The tour finished with entry to the Grand Chapel (escorted past the normal visitors who had to stay behind a barrier as they watched us enter!). This was a very spectacular sight and an impressive end to the tour.  Talking to the guide we were sad to hear that tours are becoming less common and in future may stop entirely.  There is also a lot of Verseilles not open, and our guide explained that in many areas the roof leaks and they simply don’t have the budget or staff to open up anything more. This is a real shame as apparently there are large swathes of the place configured as huge galleries with magificent furnishings and thousands of priceless works of art lining the walls with no-one able to appreciate them. We then headed to the Kings public rooms (happily without having to get into the main queue). These were certainly very impressive, but no more so than the royal palace in Madrid, or the Munich residence and less so than the Vatican.

After the inside visit we ventured into the garden. I had had no idea how huge this was; apparently a significant element of what makes Versailles so famous. There is a formal 40 hectare garden, a larger park of 600 hectares and there used to be a greater park of 8000 hectares, which was sold off after the French Revolution. I really enjoyed our time in the garden. It’s size was quite something to behold first hand and we began our journey with a walk to visit the Trianon palaces (Grand and Petit – which is really not that small at all).  It took about half an hour to get to the Grand Trianon, and to be honest I liked it more than main palace;  certainly I’d have preferred it to live in it. It also had a really beautiful garden, with an abundance of colourful wildflowers.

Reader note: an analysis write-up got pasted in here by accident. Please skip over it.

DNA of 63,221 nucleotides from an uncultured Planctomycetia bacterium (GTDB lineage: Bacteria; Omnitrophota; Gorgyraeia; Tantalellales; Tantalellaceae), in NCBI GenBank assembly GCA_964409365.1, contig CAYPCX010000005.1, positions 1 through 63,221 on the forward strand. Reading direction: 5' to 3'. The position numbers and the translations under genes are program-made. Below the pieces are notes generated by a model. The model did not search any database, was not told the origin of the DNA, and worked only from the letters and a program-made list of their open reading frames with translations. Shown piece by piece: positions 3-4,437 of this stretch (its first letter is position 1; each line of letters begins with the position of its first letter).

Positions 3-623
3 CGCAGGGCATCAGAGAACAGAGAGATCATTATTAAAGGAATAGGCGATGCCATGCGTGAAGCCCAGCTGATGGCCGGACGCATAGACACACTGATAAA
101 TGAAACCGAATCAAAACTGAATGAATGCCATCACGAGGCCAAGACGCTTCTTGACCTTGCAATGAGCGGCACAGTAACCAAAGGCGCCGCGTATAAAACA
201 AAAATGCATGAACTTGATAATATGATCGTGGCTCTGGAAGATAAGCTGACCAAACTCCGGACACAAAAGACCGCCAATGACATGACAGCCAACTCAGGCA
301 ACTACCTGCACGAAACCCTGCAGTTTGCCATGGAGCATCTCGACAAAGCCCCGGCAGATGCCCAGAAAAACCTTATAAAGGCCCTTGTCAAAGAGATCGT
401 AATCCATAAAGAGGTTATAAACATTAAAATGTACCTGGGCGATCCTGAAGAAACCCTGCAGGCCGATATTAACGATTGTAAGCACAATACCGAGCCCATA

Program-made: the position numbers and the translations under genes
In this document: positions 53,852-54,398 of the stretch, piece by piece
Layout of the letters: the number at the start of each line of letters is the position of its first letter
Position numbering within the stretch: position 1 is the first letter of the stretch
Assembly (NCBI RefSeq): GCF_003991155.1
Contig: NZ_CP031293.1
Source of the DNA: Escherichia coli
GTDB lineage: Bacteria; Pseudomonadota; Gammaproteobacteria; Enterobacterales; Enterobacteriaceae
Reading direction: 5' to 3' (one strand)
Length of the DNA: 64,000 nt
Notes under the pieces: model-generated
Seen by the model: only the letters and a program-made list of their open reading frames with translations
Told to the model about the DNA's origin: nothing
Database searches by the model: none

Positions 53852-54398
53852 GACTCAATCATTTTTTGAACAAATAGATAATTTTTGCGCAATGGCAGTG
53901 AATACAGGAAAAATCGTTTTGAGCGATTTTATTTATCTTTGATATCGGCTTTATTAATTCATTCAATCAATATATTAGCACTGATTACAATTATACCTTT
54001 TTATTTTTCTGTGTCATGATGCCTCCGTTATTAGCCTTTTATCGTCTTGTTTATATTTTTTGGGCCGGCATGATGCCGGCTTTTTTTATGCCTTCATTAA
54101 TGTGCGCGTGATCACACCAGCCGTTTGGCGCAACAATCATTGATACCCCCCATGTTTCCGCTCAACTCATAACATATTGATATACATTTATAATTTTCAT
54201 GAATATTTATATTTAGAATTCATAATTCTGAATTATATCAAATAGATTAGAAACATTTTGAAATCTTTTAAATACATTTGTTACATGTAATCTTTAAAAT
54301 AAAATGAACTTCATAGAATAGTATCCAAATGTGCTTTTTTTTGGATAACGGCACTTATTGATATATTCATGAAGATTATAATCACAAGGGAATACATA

From here we walked to the Hameau de la Reine (the Queen’s Hamlet), a trip which took us completely out of sight of any other visitors for some minutes (remarkable considering that this is the top tourist destination of Paris, receiving many thousands of visitors very day). The hameau is a somewhat bizarre model village created by Marie Antoinette, apparently so that she could dress up and play at being a shepherdess with her friends!  It was very pretty – picture postcard perfect in many ways; obviously having been designed to be just that!

We visited Petit Trianon briefly which is the smallest of the palaces and more like a large manor house.  It was originally built by Louis XV for his mistress Madame de Pompadour, and after she died her successor Madame du Barry wasted no time moving in.  Louis XVI gave it to his young bride Marie Antoinette who used it as a refuge from the main palace with minimal staffing and few visitors.  It does feature one fascinating curiosity in the main bedroom (which is dual aspect) in that with a turn of a crank all of the windows can be covered with large mirrors which come sliding in from the floor.  A small room adjacent to the kitchen holds the mirrors when not in use. There were plans for a similar design of dining room table so that the servants would not be seen, but these did not progress beyond building the foundations.